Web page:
—Stunning textures, lighting and particle effects. My wife hates that I play video games, but while I was playing the opening sequence of AC Origins she said “wow that’s beautiful” before remembering to storm off in disgust.
    —Loading times and frame rate drops are minimal.
    —The setting of Ptolemaic/Roman Egypt is reminiscent of the first AC set in the Middle East with several cultures clashing at a key point in history.
    —New combat and exploration feel like…Skyrim. That’s mostly a good thing.
    —Truly massive open world with dynamic day/night cycle.
    —Despite all being “in the desert” areas do manage to feel unique and varied.
    —Crafting and especially loot feels more like a traditional RPG.
    —Some questlines (“The Crocodile” in particular) are surprisingly memorable and well written.

    —Plot is adequate, but for the first hour or so you have almost no idea who the main character is or why he needs to kill people. The last handful of missions are also disappointing and seem rushed compared to the rest of the game.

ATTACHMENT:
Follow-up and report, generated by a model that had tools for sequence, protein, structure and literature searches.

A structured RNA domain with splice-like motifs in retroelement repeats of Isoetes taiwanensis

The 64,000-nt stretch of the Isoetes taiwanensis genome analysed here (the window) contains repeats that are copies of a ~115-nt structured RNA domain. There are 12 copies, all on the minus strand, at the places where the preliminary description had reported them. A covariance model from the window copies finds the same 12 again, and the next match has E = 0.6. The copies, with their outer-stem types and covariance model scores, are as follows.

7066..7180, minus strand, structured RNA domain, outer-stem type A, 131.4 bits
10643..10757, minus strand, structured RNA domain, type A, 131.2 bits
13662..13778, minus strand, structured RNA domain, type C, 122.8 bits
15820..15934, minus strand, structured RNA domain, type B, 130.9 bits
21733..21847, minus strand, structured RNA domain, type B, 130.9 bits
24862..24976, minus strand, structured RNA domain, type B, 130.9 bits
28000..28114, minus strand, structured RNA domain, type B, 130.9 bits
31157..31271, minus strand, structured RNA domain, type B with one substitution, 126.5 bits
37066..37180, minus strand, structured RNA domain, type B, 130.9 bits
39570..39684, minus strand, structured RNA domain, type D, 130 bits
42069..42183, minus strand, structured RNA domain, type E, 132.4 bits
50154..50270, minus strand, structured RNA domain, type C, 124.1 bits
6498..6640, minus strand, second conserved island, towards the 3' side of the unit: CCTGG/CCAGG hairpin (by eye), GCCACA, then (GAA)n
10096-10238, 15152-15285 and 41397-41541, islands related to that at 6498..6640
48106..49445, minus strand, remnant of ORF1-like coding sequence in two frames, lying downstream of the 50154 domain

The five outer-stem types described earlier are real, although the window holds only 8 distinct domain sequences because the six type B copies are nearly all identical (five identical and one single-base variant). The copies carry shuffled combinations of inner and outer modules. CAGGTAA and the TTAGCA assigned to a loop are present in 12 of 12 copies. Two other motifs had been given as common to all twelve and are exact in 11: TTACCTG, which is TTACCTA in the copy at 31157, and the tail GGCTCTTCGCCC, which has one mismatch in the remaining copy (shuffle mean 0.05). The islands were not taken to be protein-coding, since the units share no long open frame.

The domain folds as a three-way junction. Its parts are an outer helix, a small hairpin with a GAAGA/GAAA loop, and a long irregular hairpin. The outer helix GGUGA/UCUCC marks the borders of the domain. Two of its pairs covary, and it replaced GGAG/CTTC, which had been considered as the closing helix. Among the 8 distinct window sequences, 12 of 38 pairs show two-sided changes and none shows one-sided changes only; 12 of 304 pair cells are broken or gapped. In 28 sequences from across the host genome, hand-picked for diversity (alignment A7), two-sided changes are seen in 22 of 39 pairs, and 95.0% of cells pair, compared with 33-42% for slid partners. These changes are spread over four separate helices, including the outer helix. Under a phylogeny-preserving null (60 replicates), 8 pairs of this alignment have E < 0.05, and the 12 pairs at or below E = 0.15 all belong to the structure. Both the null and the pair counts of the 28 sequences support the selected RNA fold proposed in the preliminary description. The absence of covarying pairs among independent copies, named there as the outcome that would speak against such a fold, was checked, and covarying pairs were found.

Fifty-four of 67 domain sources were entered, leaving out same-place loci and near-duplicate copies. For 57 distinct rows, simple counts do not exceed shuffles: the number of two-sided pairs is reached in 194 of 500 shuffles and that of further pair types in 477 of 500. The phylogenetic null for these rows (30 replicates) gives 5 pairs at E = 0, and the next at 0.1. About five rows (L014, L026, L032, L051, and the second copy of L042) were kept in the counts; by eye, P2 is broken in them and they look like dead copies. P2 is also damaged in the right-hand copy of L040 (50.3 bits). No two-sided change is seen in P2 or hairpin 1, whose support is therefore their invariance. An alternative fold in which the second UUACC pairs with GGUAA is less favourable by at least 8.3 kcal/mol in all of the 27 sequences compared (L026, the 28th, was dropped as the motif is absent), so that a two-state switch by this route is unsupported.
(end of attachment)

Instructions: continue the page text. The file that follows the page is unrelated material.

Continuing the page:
—You progress quickly and gear becomes obsolete VERY fast.
    —Still some wonky bugs despite day one patch. Herds of animals occasionally spawn in the sky and immediately plummet to their deaths.
    —The new “pulse” loot-finding system (think Dragon Age Inquisiton) feels a bit gamey and makes it almost impossible to miss a hidden chest.

    Conclusion: This is up there with Uncharted 4, Witcher 3 and a few others that will define this generation of consoles. Definitately a learning curve here, but AC Origins brings a long overdue revamp of mechanics and breathes new life into the series in a satisfying way.

  3. 35 of 39 people found the following review helpful
    3.0 out of 5 stars
    A gorgeous backdrop for endless fetch quests, November 7, 2017
    CultureAddict (New York, NY) –

    Verified Purchase(What’s this?)
    This review is from: Assassin’s Creed Origins – PlayStation 4 Standard Edition (Video Game)
    There’s no doubt this is a beautiful game, and it might be unfair to put the entire burden of open world game dynamics on ACO, but the vast majority of quests are highly repetitive. The main mission quests have some differentiation, but I can’t count how many peasants or rebels I’ve rescued from bandit camps, or shuffled someone from A to B while they talked. It wouldn’t matter so much if progression was gear based, but it’s an XP system, and you basically need to do the fetch quests to level up to the required level for the main missions. Sure, GTA had some filler missions, but thematically they had a wide range. Ubisoft knows how to build a beautiful sandbox. The pity is that every part of the sandbox had the same toys.